>>>> So you mean to say extern is only to be used in .h files for
>>>> declaration purpose so that we can define the variable in the .c
>>>> files(which includes the .h file).
>>> Yes.

>>
>> No.
>>
>> extern int a = 0;

>
> That's not just a declaration tho.


Isn't that my point? The claim was that "extern us only to be used ...
for declaration purpose[s]".

(Perhaps you read it as "In .h files, extern should only be used for
declaration purposes"; but that would not make sense in the context of
the previous posts.)

--
Micah J. Cowan
Programmer, musician, typesetting enthusiast, gamer...
http://micah.cowan.name/
 
Reply With Quote
 
Joe Wright
Guest
Posts: n/a
 
      02-29-2008
johnnash wrote:
> #include<stdio.h>
>
> extern int a;
>
> call()
> {
>
> a = 3;
>
> }
>
> main()
> {
>
> call();
>
> printf("%d",a);
>
> }
>
> I thought once you declare a variable as extern it can be seen
> anywhere in the program.


Your program is better written like this..

#include <stdio.h>

int a;

void call(void) {
a = 3;
}

int main(void) {
call();
printf("%d\n", a);
return 0;
}

--
Joe Wright
"Everything should be made as simple as possible, but not simpler."
--- Albert Einstein ---
 
Reply With Quote
 
Tejas Kokje
Guest
Posts: n/a
 
      03-01-2008
johnnash wrote:

> #include<stdio.h>
>
> extern int a;
>
> call()
> {
>
> a = 3;
>
> }
>
> main()
> {
>
> call();
>
> printf("%d",a);
>
> }
>
> I thought once you declare a variable as extern it can be seen
> anywhere in the program.


You are missing definition of "a".

Tejas Kokje
 
Reply With Quote
 
Martin
Guest
Posts: n/a
 
      03-03-2008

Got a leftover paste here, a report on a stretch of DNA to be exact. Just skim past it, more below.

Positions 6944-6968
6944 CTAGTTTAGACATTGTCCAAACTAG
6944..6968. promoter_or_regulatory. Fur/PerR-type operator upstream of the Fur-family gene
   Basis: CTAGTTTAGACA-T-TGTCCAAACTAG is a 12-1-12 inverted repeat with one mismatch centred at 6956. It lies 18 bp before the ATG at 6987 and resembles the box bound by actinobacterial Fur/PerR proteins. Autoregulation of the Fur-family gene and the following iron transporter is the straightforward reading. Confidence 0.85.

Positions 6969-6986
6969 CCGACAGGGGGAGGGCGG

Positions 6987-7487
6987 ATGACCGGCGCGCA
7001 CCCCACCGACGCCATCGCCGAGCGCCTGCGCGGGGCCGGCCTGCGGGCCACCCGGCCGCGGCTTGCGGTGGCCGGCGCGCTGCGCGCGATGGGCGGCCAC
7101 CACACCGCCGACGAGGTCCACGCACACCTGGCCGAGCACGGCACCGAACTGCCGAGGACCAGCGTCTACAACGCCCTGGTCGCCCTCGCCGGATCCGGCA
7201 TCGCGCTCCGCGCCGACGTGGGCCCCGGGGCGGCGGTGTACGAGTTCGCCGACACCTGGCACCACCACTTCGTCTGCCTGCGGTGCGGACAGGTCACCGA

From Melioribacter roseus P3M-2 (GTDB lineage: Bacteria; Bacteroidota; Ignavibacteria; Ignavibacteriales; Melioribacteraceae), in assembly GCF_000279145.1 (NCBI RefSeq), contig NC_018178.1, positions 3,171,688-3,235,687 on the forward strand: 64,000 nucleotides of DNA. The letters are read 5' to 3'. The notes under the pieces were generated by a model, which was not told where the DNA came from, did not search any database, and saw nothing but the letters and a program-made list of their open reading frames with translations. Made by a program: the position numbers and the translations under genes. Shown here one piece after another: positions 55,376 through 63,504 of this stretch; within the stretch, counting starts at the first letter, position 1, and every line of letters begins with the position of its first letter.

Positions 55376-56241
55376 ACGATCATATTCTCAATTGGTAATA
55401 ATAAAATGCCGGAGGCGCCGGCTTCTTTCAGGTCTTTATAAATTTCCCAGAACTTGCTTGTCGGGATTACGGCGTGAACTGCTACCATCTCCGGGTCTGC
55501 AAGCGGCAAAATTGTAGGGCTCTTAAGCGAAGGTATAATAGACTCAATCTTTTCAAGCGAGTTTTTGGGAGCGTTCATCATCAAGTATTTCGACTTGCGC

johnnash wrote:
> #include<stdio.h>
>
> extern int a;
>
> call()
> {
>
> a = 3;
>
> }
>
> main()
> {
>
> call();
>
> printf("%d",a);
>
> }
>
> I thought once you declare a variable as extern it can be seen
> anywhere in the program.


It's *wrong* for several reasons. You haven't defined a return type for
the function 'call'. You haven't defined a return type for 'main', or
specified its parameters, or used 'void' if it has none. You haven't
returned an exit status from 'main'. 'a' has been declared but not defined.

--
Martin

 
Reply With Quote
 
Keith Thompson
Guest
Posts: n/a
 
      03-03-2008
Martin <(E-Mail Removed)> writes:
> johnnash wrote:
>> #include<stdio.h>
>>
>> extern int a;
>>
>> call()
>> {
>>
>> a = 3;
>>
>> }
>>
>> main()
>> {
>>
>> call();
>>
>> printf("%d",a);
>>
>> }
>>
>> I thought once you declare a variable as extern it can be seen
>> anywhere in the program.

>
> It's *wrong* for several reasons. You haven't defined a return type
> for the function 'call'.


Legal (but poor style) in C90 (the return type is implicitly int), but
you're right for C99 (implicit int was dropped).